Podcasts are enjoying a moment in popular culture and business. Smartphones, listening habits, and content have intersected at a point that makes podcasts a viable option for conveying information to employees, partners, and customers. Meanwhile, slideshows and video presentations are the de facto ways of communicating with customers, especially for folks in your marketing and sales departments. The quality of the audio in all these formats is often overlooked, but it can mean the difference between success and failure for your users on the front lines.
The question for most IT pros is which tools to recommend for making these audio recordings. For those who don't live their lives in the studio, it can be a tough question. I've had a chance to spend some time with a tool that could make a huge difference for your company's podcast quality. The iRig Mic Studio can be the foundation for high-quality sound in a very portable package.
When I started doing audio work back in the Mesozoic Age, good quality meant recorders the size of a suitcase and a mic closet filled with delicate and expensive microphones. With the iRig Mic Studio, some inexpensive software, and a smartphone, you can duplicate most of performance available from that fossilized gear for the cost of a nice night out. The result is a toolset that will allow trainers, executives, and marketing professionals to put a studio in their backpacks and create good recordings from almost anywhere they happen to be.
I took the iRig Mic Studio out of its box and found myself holding a large-diaphragm condenser microphone considerably smaller than a can of Red Bull. There were cables with connectors for the microphone to USB, micro-USB, and Lightning ports, a mic clamp, and a very small tripod. Using the iRig Mic Studio with my iPhone 6+ was a breeze. I had previously downloaded GarageBand, so I plugged the mic in and was ready to go.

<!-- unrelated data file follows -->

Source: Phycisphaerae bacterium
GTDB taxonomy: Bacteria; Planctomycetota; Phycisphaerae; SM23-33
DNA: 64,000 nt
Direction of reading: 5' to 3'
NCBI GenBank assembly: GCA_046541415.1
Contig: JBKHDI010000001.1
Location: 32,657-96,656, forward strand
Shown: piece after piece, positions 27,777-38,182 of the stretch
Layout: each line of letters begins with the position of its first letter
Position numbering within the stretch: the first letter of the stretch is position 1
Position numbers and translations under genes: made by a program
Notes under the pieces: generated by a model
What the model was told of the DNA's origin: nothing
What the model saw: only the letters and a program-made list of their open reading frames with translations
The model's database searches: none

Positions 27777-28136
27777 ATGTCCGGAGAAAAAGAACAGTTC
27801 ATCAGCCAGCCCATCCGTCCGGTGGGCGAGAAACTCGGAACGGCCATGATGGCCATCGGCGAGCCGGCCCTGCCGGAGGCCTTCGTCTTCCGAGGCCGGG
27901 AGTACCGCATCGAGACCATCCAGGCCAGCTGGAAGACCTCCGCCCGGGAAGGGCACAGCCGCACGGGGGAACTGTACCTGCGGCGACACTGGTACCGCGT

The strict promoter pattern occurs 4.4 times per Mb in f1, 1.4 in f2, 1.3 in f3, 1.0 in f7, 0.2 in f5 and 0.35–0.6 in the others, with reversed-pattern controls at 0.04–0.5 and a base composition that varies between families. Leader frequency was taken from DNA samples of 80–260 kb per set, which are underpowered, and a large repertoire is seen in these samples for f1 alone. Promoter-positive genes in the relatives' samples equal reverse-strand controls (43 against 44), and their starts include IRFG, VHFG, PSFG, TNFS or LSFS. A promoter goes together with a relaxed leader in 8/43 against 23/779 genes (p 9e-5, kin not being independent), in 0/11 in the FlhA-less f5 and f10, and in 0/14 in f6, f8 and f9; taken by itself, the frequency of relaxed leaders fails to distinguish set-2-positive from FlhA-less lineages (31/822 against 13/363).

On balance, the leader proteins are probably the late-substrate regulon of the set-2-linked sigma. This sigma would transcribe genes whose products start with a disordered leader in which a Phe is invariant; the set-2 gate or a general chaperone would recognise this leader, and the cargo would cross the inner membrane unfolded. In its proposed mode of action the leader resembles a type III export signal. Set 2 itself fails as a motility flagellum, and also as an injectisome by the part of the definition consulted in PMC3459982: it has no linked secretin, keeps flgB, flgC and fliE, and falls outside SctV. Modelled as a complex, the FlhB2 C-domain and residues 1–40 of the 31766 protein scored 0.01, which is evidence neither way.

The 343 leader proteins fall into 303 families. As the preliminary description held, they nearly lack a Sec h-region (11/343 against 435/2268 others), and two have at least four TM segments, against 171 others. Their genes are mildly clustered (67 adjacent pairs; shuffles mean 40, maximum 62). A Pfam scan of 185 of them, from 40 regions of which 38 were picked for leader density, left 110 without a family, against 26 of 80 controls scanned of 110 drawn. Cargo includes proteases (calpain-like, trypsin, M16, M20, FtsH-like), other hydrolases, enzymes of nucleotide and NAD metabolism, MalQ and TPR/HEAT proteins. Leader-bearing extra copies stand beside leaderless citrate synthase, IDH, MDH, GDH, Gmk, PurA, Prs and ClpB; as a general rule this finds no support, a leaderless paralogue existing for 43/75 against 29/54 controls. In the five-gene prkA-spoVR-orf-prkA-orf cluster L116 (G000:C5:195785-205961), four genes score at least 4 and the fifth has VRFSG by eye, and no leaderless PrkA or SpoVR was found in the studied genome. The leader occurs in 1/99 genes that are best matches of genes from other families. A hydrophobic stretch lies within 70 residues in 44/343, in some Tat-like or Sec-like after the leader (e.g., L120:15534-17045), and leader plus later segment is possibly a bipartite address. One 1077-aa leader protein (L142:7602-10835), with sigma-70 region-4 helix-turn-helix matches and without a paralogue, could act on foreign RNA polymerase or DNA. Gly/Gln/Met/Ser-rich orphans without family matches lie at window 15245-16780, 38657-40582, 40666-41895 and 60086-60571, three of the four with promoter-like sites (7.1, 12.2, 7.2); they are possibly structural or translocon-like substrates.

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If you've never used a high-quality microphone before, the hardest part is figuring out which side should face your mouth. Hint: The side with the label and headphone port faces away from you, while the volume controls for the mic itself and a small multi-colored LED face you during use. The LED is important because it shows you when the input volume is too low (blue), just right (green), or too high (yellow and red).
Because of that large diaphragm I mentioned earlier, the sound quality the iRig Mic Studio can produce is very close to that available from some very expensive microphones you might find in recording studios. Another characteristic of the mic, its cardioid sensitivity pattern, means that it's quite good at focusing its attention on you while it does a pretty good job of ignoring the sounds in the rest of the room. Those two qualities put together mean that this is a great microphone for using in offices, hotel rooms, and other spaces where executives and professionals are likely to find themselves.